A Life I Can Live With

I don’t need to tell you that we live in an uncertain world with much to fear and worry about, if we choose to do so. And I must admit that I make that choice, more often than not. I want to be like my son, who’s rarely afraid and even says, “I think fear is one of the dumbest feelings there is.” He doesn’t say it to put me down; he’s simply tougher and more courageous than I am. I need to take a lesson from him because a life of doing nothing is, obviously, no life at all.
Martin Luther King Jr. talked about those times when we have a great opportunity before us, perhaps to stand up for a great principle or cause, but we refuse to do anything because we’re afraid. We want to stay alive longer, or we don’t want to lose our job, or we’re afraid we’ll be criticized, or we may even have a legitimate fear of physical harm or death. As a result, we refuse to take a stand. For that type of situation, King said the following:
Well, you may go on and live until you are 90, but you’re just as dead at 38 as you would be at 90. And the cessation of breathing in your life is but the belated announcement of an earlier death of the spirit.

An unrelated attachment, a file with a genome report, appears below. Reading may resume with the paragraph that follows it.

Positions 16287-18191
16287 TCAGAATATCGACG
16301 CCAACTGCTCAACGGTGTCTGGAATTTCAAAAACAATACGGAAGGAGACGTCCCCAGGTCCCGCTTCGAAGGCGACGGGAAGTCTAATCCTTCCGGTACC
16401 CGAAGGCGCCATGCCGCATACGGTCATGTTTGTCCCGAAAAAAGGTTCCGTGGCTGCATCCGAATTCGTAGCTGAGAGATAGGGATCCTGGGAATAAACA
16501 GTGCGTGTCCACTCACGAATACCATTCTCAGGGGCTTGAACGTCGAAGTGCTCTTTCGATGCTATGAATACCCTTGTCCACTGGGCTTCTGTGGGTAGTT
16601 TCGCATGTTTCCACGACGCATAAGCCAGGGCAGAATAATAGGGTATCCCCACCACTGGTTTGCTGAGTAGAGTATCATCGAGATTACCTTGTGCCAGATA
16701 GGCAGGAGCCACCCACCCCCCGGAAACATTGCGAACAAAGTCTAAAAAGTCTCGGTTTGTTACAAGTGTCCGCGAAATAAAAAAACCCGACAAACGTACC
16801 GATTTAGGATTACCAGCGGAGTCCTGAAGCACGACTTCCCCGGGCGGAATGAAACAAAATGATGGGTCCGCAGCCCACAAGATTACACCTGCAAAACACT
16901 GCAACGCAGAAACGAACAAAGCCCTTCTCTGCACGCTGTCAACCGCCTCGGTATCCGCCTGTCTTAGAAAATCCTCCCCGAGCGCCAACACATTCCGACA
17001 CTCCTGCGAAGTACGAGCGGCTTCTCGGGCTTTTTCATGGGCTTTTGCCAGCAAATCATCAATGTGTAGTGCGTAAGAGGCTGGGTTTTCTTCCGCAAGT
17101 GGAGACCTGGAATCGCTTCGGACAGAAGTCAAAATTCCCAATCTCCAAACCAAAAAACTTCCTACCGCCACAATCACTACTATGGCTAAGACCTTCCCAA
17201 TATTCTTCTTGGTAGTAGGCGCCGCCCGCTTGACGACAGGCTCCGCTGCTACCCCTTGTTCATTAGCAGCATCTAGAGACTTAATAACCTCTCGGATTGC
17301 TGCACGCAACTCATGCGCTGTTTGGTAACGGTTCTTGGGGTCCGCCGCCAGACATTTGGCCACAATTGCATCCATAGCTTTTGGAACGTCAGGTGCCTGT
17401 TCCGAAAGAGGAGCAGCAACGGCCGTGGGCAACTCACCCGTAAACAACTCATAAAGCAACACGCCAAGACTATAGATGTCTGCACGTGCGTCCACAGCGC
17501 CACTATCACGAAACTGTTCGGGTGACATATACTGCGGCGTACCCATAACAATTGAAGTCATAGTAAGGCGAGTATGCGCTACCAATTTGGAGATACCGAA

These words convict me, since I frequently allow fear to control me or paralyze me or otherwise prevent me from doing things I really want to do. But if I avoid living for fear of dying, am I really living at all?
What makes this worse is that I’m well aware of the fact that worry changes nothing, and that most of my fears are over things that will never occur. Summarized one way, here’s a breakdown of the things over which we fret:
  • 40% never happen
  • 30% regard unchangeable deeds of the past
  • 12% focus on the opinions of others that cannot be controlled
  • 10% center on personal health, which only worsens as we worry about it
  • 8% concern real problems that we can influence
I’m no math whiz, but that sounds like 92% of my fears and worries are pointless! But can I (or will I) live like that’s true, while also understanding that even my legitimate fears should not keep me from truly living? Can I avoid “dying” while I’m still alive?
I believe I can, if I remember and trust in what God said in Joshua 1:9: “Have I not commanded you? Be strong and courageous. Do not be afraid; do not be discouraged, for the Lord your God will be with you wherever you go.” I also need to live out the solution to worry, found in Philippians 4:6-7: “Do not be anxious about anything, but in every situation, by prayer and petition, with thanksgiving, present your requests to God. And the peace of God, which transcends all understanding, will guard your hearts and your minds in Christ Jesus.”
I will never rid myself of fear, but God can help me live in spite of my fear. He is with me no matter where I am, and He wants to take on my worries and give me the peace and strength that comes only from Him. Now that’s a life I can live with!
Troy Burns